Stern Advice-Prepping for the summer wave of short sales
By Linda Stern
WASHINGTON (Reuters) - Coming soon to a neighborhood near you: A late-summer wave of short sales, as homeowners, mortgage bankers and potential buyers all race to settlement on bargain-priced homes that are worth less than the mortgages written on them.
"We're seeing a rush already," said Daren Blomquist of Realtytrac, a firm that monitors real estate foreclosures and distressed sales. "There was a big increase in the first quarter and we're expecting that to continue."
A short sale occurs when the lender agrees to let the property be sold for less than the amount owed on the mortgage.
2012 may be the year the short sale market peaks, because of a number of factors. Bankers, pressed by the Obama administration and their own bottom lines, realize they are better off accepting partial payment on a mortgage than taking a home in foreclosure, said Blomquist. Some have created expedited short sales procedures in which they will pre-approve a home for a distress sale and even pay the seller as much as $45,000 to get the deal done.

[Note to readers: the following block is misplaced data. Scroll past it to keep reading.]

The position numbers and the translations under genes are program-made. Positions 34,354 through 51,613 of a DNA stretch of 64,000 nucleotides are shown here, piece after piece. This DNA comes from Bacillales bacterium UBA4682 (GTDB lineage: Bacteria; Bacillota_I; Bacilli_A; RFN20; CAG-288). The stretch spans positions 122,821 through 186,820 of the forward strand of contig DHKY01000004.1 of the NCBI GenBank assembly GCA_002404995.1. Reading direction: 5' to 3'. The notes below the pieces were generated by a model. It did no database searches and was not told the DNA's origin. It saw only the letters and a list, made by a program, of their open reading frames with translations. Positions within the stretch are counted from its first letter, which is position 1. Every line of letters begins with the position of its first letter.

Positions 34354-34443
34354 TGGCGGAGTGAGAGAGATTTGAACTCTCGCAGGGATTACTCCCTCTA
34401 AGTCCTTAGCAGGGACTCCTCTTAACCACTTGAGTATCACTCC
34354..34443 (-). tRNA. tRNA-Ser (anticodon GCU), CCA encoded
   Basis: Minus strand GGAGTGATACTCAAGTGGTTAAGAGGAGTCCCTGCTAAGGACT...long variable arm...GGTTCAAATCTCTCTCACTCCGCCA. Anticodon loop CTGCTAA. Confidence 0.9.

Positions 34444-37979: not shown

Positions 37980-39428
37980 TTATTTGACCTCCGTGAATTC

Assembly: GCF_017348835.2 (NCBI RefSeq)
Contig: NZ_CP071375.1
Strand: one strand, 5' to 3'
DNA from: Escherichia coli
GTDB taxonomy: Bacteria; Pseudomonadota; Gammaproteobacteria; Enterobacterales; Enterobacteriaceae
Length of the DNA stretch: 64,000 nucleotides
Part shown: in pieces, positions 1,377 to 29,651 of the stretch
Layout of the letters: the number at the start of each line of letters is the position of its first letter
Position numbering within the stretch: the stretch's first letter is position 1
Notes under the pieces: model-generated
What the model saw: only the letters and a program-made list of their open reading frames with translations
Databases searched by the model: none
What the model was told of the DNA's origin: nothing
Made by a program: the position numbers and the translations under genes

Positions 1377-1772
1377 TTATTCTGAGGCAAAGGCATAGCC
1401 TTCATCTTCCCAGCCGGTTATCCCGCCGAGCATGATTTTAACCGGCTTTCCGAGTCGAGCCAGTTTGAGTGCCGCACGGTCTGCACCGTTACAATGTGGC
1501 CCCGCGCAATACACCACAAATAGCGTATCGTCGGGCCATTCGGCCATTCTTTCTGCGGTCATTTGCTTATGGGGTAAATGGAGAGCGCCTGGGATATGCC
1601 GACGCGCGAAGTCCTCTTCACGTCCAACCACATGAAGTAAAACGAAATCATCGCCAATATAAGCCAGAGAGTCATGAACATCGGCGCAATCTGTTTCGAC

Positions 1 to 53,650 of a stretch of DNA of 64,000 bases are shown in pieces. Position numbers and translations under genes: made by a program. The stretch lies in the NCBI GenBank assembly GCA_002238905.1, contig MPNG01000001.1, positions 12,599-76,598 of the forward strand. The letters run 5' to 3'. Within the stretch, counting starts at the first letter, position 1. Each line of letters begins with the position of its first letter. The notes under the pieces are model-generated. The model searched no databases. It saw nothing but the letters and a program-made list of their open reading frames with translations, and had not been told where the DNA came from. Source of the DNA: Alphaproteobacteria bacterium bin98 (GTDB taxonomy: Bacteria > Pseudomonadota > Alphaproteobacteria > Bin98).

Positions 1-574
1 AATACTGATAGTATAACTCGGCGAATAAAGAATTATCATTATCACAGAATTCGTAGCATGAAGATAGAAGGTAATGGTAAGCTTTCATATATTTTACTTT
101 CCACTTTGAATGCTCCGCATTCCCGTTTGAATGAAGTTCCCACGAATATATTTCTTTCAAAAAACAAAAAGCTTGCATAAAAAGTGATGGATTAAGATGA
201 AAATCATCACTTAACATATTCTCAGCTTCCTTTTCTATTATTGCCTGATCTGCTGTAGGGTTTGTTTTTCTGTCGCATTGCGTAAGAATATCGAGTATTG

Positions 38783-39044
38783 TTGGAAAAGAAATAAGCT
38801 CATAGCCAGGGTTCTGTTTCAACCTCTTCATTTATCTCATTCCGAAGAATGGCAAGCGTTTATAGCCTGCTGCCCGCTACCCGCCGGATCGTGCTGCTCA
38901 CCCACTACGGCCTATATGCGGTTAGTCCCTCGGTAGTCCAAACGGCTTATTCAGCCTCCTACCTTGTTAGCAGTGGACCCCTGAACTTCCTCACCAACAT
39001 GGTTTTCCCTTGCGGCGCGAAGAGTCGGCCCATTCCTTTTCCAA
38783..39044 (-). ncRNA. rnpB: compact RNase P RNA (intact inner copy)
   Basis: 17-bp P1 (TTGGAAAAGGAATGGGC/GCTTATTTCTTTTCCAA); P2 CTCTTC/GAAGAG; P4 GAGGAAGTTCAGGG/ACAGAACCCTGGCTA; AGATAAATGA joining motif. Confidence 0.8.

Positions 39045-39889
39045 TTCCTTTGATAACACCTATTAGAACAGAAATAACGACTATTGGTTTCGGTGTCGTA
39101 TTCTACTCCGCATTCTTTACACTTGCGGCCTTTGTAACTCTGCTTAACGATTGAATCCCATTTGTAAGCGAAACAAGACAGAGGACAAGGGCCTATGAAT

Sellers with one eye on the clock realize that they could lose a valuable tax break if they fail to complete their short sale by year end. And some sellers -- who have been hanging on "by tooth and nail" to homes worth less than their mortgages for years, according to Elizabeth Weintraub, a Sacramento, California, real estate agent who specializes in short sales -- have decided now is the time.
"It seems to be doubling every year, but 2012 is particularly busy," she said.
In the first quarter of 2012, some 109,521 properties were sold in pre-foreclosure -- a proxy for short sales, according to Realtytrac. That was a 25 percent increase from the same quarter the previous year and a three-year high, Blomquist said.
So it seems like this is the time to make a move. Here is some advice for sellers and bargain hunters. Continued...